to promote links between them. various complex Josephson systems, such as
Josephson ladders, long Josephson junctions and
others in different geometries and types of back-
6.1 Research Networking ground;
Programmes To continue intensive investigations on the growth
of arrays of nanoparticles and quantum dots, and
Research Networking Programmes are another other properties of nanostructures;
instrument of the ESF, which comprise networking To develop a complete picture of low and high
activities of four to five years to lay the foundations energy excitations of Josephson junction arrays
for nationally funded research groups to address and other nanostructures by focusing on three
major scientific and research infrastructure issues. topics:
They can involve: physics of the interaction of light and micro-
Science meetings (workshops, conferences or wave radiation with nanoparticles, quantum
schools); dots and Josephson arrays, characterisation of
Grants for both short visits and longer exchange these arrays and optical manipulation of their
visits; properties especially in the quantum regime;
Publication of information brochures and leaflets; structure and excitations in quantum dots and
Creation and maintenance of scientific databases Josephson arrays, pattern formation and self-
at the European level. organisation;
physics of the growth and self-organisation
of arrays of quantum dots and nanoparticles
6.1.1 Arrays of Quantum Dots and Josephson within organic matrices.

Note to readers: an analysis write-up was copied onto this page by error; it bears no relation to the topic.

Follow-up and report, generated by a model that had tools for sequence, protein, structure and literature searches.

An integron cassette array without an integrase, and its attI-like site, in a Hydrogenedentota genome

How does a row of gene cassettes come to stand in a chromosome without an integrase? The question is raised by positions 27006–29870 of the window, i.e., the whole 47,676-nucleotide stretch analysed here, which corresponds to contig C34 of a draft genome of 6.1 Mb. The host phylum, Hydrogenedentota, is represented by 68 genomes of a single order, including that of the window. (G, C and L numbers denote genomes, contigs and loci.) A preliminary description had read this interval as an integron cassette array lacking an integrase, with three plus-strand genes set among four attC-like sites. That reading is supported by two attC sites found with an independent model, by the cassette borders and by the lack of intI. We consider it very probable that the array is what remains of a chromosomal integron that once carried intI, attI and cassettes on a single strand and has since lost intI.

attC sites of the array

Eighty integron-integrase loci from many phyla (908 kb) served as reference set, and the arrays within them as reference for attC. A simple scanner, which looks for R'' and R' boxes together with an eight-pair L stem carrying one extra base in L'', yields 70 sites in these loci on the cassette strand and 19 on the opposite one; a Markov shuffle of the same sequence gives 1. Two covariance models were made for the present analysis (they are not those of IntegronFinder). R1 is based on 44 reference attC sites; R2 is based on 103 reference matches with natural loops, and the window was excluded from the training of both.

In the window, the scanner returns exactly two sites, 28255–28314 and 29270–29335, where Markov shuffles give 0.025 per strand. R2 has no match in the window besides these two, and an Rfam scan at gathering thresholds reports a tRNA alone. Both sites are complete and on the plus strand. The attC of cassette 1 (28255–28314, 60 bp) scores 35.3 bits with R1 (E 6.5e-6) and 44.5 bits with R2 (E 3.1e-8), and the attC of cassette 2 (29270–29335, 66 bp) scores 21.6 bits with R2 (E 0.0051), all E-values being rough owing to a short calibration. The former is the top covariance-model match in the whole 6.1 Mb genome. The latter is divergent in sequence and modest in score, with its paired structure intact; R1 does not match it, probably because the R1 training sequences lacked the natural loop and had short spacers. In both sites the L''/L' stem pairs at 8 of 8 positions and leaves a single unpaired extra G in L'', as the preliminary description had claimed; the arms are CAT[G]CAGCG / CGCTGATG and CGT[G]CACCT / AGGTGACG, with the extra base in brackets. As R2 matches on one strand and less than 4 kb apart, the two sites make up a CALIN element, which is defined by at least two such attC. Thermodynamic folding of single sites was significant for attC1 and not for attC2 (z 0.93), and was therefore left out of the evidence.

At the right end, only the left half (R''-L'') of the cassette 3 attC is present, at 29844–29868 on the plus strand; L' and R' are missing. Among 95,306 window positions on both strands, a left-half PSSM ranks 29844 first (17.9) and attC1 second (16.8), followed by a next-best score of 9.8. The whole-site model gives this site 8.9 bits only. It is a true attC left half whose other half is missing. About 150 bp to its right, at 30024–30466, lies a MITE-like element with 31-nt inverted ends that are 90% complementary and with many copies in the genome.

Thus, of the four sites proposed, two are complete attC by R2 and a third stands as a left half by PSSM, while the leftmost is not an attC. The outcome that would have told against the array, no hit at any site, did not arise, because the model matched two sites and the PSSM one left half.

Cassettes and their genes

Junctions (AQDJJ)
AQDJJ was an interdisciplinary Research Network- The ESF AQDJJ Research Networking Programme
ing Programme aimed at identifying frontiers and ran for five years from June 2004 to June 2009.
future needs in condensed matter, low tempera-
ture and nonlinear physics. In particular, special >More information at:
attention was given to novel photonic methods
of optical and microwave characterisation of
these arrays which are contactless, fast, informa-
tive and, therefore, efficient and simple to use.
6.1.2 Interdisciplinary Statistical and Field and nanograins and also by studying superfluid-
Theory Approaches to Nanophysics and Low- ity in different restricted geometries;
Dimensional Systems (INSTANS) To investigate the flux confinement by magnetic
INSTANS was an interdisciplinary Research dipoles and other periodic pinning arrays in super-
Networking Programme aimed at identifying conductors.
frontiers and future needs in condensed matter,
quantum field theory and statistical physics. The ESF NES Research Networking Programme
INSTANS aimed: will run for five years from May 2007 to May 2012.
To study electronic systems, such as nanotubes,
quantum dots and quantum Hall effect devices, >More information at:
as well as specific devices featuring cold atoms.
These systems are dominated by quantum
effects and strong interactions, which give rise 6.1.4 Quantum Spin Coherence and Electronics
to non-perturbative effects, such as spin-charge (QSpiCE)
separation or fractionally charged excitations; QSpiCE is a Research Networking Programme
To sharpen a new set of powerful non-pertur- aimed at identifying frontiers and future needs in
bative theoretical methods recently developed quantum information processing, coherent quan-
36 within the area of statistical field theory; tum transport and correlation phenomena.
To set up a new theoretical framework to answer QSpiCE aims:
Fundamentals of NanoElectronics (FoNE)

the fundamental questions encountered in the To investigate quantum spin-dependent effects

modern physics of nanoscopic and low-dimen- and transport in nanoscale structures such as
sional systems. semiconducting nanowires, carbon nanotubes,
quantum dots and graphene nanoribbons;
The ESF INSTANS Research Networking Pro- To improve the manipulation and the control of
gramme ran for five years from October 2005 to the electron or hole spin in nanostructures and
October 2010. at analysing and harnessing the various mecha-
nisms leading to relaxation and decoherence of
>More information at: spin in nanoscale objects;
To strengthen networking between the leading